Tiny Tarbosaurus

By now I’m sure most readers will have picked up on the new paper describing the skull of a tiny Tarbosaurus. It’s estimated to have been just 2 years old when it died and was around 2 m in length – that’s rather smaller than the 10-12m long adults! A few images of this hit the news when the specimen was first announced around three years ago and can be hunted down if you look. There is one above of me with a cast of the specimen as it was when discovered (it’s now been fully prepared out) which gives you a pretty good idea of just how small it was.

While above is just the cast, I was lucky enough to see some of the material while it was undergoing preparation. Even better I was allowed to take some pictures for my own research and have been told I can show off a couple of them here now that the paper is finally out. My thanks for this to Mahito Watabe and his team for this generosity. Though perhaps inevitably with Larry Witmer on the team, there are even better pictures and 3D animated scans of the skull out there too!

This is post is (a little) more than just a couple of photos though as the paper itself has some interesting things to say about tyrannosaur ontogeny. This is the smallest / youngest tyrannosaur we have and coming from an especially big genus makes the size discrepancy even greater. This is pretty handy as there are a variety of problematic tyrannosaurs specimens out there that may or may not represent distinct taxa but being known only from juveniles make this hard to work out. However, if you have a really good handle on how some characters do (or do not) change as individuals get older and bigger then you know what you can and cannot rely on when looking for unique characters in other juveniles.

For me the most interesting characteristic was that of the number of teeth. While there is a little intraspecific variation in tooth numbers, there are also some discreet differences between taxa too – the big tyrannosaurines like Tarbosaurs and Tyrannosaurus have fewer teeth than do smaller ones like Daspletosaurs or Alioramus. In the past it’s been suggested that this number actually changed during ontogeny with the number starting relatively high and the number of teeth reducing as the animal got bigger. However this little guy has exactly the same number of teeth as an adult Tarbosaurus. While this doesn’t exactly disprove the hypothesis, it does at least show that at best it’s not always true, and so a smaller tyrannosaurine skull with lots of teeth could grow into a big adult with lots too.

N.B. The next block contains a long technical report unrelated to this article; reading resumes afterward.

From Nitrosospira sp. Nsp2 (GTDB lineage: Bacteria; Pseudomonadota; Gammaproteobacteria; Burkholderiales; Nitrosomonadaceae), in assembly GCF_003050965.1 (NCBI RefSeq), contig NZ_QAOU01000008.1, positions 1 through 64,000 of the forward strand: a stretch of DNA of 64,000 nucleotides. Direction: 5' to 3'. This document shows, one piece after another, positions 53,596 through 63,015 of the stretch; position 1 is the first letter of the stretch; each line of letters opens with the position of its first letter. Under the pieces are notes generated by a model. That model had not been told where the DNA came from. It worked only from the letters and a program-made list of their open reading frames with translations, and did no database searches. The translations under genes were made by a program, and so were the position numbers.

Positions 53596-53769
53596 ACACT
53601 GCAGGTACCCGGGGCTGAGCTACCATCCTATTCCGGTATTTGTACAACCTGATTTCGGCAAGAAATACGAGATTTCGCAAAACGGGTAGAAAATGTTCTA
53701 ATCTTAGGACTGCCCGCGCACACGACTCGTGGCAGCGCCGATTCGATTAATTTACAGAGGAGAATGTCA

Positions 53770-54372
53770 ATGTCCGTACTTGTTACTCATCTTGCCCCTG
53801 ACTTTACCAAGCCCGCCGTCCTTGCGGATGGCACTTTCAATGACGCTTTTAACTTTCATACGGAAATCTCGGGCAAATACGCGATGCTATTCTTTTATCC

All in all a very revealing paper (and superbly illustrated I should add) and with more to come on the postcranium, this is going to be an important specimen for many a long year. Sadly, it’s parent institution may not be able to say the same as I will talk about tomorrow.

5 Responses to “Tiny Tarbosaurus”


  1. 1 Josephine 17/05/2011 at 8:14 am

    The first thing I saw on the top picture was the “no photography” sign — which makes for a very unique photo indeed!

    But honestly, I had no idea (until I started following this blog) that fossils came out of the ground crushed. It makes sense now, thinking about it, but never the less, I am always as surprised to see them from the side; flat.

    However, the question I meant to ask is: did the adults of this species have a sclerotic ring supporting the eye as well, or was it lost as the animal matured?

    • 2 David Hone 17/05/2011 at 8:23 am

      You’re not the only one. But I did get permission to take than and then to put these up, don’t worry!

      And yeah, they would have had one too. But in general sclerotic rings are pretty rare, they are very thin plates of bone that can easily degrade, or be lost or damaged, so it’s rare that we get one like this.

  2. 3 Tim Donovan 17/05/2011 at 11:52 am

    Nemegtosaurus had a sclerotic ring, as did hadrosaurs, so it wouldn’t be surprising if T. bataar had them too. Reminds me of the old admonition given to U-boat commanders: “He who sees first, has won!” :)
    Despite the abundance of juvenile material, the local taphonomy didn’t favor preservation of very small specimens. Too bad; we’d probably have a hatchling T. bataar by now.


  1. 1 The end of the Hayashibara? « Dave Hone's Archosaur Musings Trackback on 18/05/2011 at 8:37 am

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